CLIMB THE HEIGHT OF EVEREST.
ONE HILL. ANYWHERE IN THE WORLD.
ONE ACTIVITY. NO TIME LIMIT. NO SLEEP.
Earning the Grey Stripe Kit
– Verified Everesting automatically qualifies you for the coveted Hells 500 Grey Stripe kit.
– Once earned, a grey stripe is for life.
Choosing the route
– Make sure you thoroughly understand the rules of what is considered an acceptable climb. For a full run down on the rules head here.
– Choose a climb that suits your strengths as a cyclist. Too shallow a gradient and you will be doing one hellava lot of kilometres leading to an extra long day in the saddle. Pick too steep of a climb and your legs will be screaming at you later in the challenge. Choose something you can sustain all day.
– Calculations: A great resource to help calculate your number of laps, work out approximate times, and any elevation gain on the descent is The Everesting Calculator. It’s not gospel, but it’s a pretty handy tool.
– Test out a bunch of potential options, and always recci the climb beforehand.
– Think about conditions of the climb. Will there be lots of traffic on the road? Will it be safe at night? What is the descent like – particularly when fatigue sets in? Is there somewhere safe to turn around at the top and bottom?
– Consider amenities near the climb. Are there toilets nearby? Is there somewhere to set up your base camp? Make sure you have easy access to your supply of water, food and clothing.
– The ride does not have to be ridden on sealed roads. In fact you get bonus kudos and cafe-respect for hitting the vitamin G.
– Test all gear before the day, charge all batteries and consider having back up equipment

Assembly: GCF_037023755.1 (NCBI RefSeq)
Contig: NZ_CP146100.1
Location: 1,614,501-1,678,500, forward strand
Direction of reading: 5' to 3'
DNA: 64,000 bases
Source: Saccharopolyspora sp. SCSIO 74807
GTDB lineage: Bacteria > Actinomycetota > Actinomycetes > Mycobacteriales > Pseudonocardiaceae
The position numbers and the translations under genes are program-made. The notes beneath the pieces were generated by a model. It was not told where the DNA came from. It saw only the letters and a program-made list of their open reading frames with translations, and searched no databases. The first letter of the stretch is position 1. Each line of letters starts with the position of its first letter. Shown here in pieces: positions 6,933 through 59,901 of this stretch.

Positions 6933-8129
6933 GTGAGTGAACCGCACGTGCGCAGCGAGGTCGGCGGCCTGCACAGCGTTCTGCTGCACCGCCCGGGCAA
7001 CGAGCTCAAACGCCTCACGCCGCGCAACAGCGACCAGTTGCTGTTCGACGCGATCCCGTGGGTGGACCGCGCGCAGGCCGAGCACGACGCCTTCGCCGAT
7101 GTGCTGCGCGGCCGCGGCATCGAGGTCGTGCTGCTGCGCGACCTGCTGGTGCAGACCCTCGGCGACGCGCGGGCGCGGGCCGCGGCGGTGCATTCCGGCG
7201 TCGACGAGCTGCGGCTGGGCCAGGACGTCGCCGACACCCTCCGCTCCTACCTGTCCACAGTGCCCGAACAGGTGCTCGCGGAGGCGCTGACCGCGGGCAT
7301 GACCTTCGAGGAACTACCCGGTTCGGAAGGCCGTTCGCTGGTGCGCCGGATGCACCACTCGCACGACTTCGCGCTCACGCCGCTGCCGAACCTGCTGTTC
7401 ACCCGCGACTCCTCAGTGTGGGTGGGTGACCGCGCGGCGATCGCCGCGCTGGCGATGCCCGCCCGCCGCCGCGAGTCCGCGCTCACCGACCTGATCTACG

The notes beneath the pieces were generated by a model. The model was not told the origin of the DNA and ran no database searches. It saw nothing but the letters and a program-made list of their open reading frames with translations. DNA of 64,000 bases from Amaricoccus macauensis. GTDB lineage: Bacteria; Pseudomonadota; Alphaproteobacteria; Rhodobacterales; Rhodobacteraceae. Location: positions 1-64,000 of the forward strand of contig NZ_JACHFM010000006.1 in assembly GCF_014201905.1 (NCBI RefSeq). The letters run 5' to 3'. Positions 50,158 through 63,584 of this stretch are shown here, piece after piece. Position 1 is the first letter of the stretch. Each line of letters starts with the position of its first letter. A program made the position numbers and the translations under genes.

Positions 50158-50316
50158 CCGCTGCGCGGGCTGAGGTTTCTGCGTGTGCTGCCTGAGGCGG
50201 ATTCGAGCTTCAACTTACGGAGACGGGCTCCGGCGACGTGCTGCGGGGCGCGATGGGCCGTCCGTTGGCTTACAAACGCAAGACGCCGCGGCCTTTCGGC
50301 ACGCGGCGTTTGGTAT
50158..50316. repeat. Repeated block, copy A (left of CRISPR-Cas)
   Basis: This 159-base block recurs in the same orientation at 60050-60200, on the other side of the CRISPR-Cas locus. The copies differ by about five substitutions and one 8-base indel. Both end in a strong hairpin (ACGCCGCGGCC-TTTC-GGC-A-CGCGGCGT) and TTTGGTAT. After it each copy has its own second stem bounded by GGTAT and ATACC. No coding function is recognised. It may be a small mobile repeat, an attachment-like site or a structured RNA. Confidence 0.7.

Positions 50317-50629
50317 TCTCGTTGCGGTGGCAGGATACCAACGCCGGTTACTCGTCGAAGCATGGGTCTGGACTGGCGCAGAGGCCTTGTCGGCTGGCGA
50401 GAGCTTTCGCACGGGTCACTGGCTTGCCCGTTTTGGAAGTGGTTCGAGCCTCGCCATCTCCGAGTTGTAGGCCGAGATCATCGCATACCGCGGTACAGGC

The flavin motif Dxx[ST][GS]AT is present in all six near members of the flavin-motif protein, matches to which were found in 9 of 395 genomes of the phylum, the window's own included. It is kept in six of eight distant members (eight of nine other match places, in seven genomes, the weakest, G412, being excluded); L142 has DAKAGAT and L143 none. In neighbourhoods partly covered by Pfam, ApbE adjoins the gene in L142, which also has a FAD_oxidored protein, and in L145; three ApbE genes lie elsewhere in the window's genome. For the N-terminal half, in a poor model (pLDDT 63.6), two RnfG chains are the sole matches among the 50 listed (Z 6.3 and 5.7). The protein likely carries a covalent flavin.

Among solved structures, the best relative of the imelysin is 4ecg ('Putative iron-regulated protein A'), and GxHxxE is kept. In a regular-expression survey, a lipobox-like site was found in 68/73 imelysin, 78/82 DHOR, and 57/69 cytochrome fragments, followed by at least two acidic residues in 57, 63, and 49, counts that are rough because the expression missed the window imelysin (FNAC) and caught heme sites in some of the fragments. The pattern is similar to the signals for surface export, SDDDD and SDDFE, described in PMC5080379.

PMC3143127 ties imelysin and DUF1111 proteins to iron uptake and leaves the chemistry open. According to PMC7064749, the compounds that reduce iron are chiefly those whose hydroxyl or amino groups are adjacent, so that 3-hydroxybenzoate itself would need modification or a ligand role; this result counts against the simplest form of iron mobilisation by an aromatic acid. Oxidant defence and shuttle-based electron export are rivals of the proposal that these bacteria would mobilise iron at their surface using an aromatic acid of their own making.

– Our preference is for the ride to be recorded with a dedicated GPS device which has an altimeter or barometer (i.e. not a Garmin Forerunner).
– Consider running a second unit if you are worried about any data mishaps. Mount the second unit on the bars or in a pocket.
– We suggest you take pictures of your stats throughout the ride. History has shown that data can fail, either on the bike or in the upload. Data is important, but we understand shit happens. So long as you can sufficiently prove the ride we’ll accept it. We’ll decide on a case-by-case basis and may include the requirement to ‘pinky swear’
– Please note that units such as the Garmin Edge 500 will reset if plugged in mid-ride. Not cool. The workaround is to find an OTG (On The Go) micro USB cable (look it up, they only cost a few bucks). This cable has a pin removed which ‘tricks’ the unit into ‘thinking’ that it isn’t actually plugged in. Test it beforehand, but trust us – it works. Also good for charging your phone on alternate laps (#protips). One battery extender will service dual Garmins (if you decide to go down that path)
– Switch off the tones on your unit and protect your sanity! That little auto-pause beep when you are going through the trees will drive you nuts down the track!
– If your recording device does go haywire mid-ride don’t stress it. You can switch to a mobile, or another device and you can splice the files later.
Batteries and lights
– Batteries of these devices tend to die after around 15 hours of recording. A portable battery pack is a cheap solution for charging on the fly.
– Commuting lights just won’t cut it.. it will be dark out there, and you’ll need something more powerful. Speak to your MTB buddies, they will have something you can lend. Search around and you should score a set for $50
– To save on battery life use a commuting light for the climb and the powerful light for the descent!